291348 Using Structure-Property Relationships to Develop Reversible Ionic Liquids for CO2 Capture

Monday, October 29, 2012
Hall B (Convention Center )
Ashley Bembry1, Elizabeth Biddinger1, Kyle Flack2, Emily Nixon2, Amy Rohan1, Amber C. Rumple2, Myoung-Geun Song2, Jackson Switzer1, Pamela Pollet2, Charles Liotta2 and Charles Eckert1, (1)School of Chemical and Biomolecular Engineering, Georgia Institute of Technology, Atlanta, GA, (2)School of Chemistry and Biochemistry, Georgia Institute of Technology, Atlanta, GA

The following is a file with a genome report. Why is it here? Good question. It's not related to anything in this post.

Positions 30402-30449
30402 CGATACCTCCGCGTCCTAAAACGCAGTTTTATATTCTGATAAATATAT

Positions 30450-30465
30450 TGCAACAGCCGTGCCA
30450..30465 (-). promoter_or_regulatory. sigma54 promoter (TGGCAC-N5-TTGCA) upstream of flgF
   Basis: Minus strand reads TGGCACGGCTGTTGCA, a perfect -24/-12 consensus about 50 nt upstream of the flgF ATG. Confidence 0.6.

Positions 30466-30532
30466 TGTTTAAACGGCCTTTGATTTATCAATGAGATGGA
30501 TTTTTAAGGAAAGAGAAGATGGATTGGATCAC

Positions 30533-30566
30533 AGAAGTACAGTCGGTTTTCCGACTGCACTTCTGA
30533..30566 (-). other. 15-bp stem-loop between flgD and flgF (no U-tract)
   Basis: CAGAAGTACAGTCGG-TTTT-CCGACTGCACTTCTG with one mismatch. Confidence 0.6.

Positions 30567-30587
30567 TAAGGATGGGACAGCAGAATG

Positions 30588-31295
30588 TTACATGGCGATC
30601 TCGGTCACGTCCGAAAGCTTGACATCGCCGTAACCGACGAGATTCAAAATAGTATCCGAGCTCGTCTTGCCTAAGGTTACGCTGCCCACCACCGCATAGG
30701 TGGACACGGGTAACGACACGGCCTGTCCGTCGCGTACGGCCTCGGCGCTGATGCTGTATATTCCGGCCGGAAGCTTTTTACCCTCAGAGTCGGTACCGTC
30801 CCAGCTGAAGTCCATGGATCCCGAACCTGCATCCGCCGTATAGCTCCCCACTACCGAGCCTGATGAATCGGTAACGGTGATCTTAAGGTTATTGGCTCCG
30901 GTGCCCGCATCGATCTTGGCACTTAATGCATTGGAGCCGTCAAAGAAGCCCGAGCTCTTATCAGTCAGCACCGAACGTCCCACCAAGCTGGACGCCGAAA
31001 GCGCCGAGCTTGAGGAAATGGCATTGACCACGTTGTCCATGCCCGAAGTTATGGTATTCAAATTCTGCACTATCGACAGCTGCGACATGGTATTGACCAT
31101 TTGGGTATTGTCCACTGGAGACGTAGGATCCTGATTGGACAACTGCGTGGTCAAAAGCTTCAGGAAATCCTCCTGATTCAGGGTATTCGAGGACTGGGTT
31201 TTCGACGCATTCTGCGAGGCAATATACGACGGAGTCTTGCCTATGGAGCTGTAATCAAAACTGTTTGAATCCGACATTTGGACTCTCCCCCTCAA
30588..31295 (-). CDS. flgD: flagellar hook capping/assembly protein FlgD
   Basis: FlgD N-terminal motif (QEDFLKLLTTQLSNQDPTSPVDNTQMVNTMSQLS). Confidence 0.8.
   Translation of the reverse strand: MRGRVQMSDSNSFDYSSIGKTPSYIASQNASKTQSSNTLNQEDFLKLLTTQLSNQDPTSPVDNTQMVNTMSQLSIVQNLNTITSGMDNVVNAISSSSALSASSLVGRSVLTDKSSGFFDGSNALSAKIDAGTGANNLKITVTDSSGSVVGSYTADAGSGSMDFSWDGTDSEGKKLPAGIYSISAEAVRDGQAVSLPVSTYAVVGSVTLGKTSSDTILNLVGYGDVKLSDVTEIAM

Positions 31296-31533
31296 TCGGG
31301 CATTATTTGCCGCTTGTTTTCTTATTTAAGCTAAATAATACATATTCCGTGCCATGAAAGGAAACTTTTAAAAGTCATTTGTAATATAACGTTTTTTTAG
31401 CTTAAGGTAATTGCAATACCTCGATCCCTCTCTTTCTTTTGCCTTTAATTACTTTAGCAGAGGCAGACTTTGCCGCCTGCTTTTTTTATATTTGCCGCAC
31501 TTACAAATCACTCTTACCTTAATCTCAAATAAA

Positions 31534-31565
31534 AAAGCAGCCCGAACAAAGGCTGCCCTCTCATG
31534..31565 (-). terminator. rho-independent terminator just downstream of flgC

The capture and sequestration of CO2 from flue gas streams is essential to mitigating the levels of CO2 in the atmosphere that contribute to global warming. Non-aqueous silylamine solvents were designed at a molecular level to obtain specific physical properties in order to achieve effective CO2 capture. These relatively non-polar solvents, upon selective reaction with CO2, reversibly form ionic liquids. These reversible ionic liquids can capture additional CO2 through physical absorption owing to high CO2 solubility in the ionic liquid state. The reaction is equilibrium governed allowing for reversibility and control over the extent of reaction with CO2. CO2 is released upon moderate heating of the reversible ionic liquid or by sparging with an inert gas. The effects of changes in structure on (1) the CO2 capture capacity, (2) the viscosity of the solvent systems at partial and total conversion to the ionic liquid state, (3) the temperature of solvent regeneration and (4) the temperature of solvent evaporation are reported.

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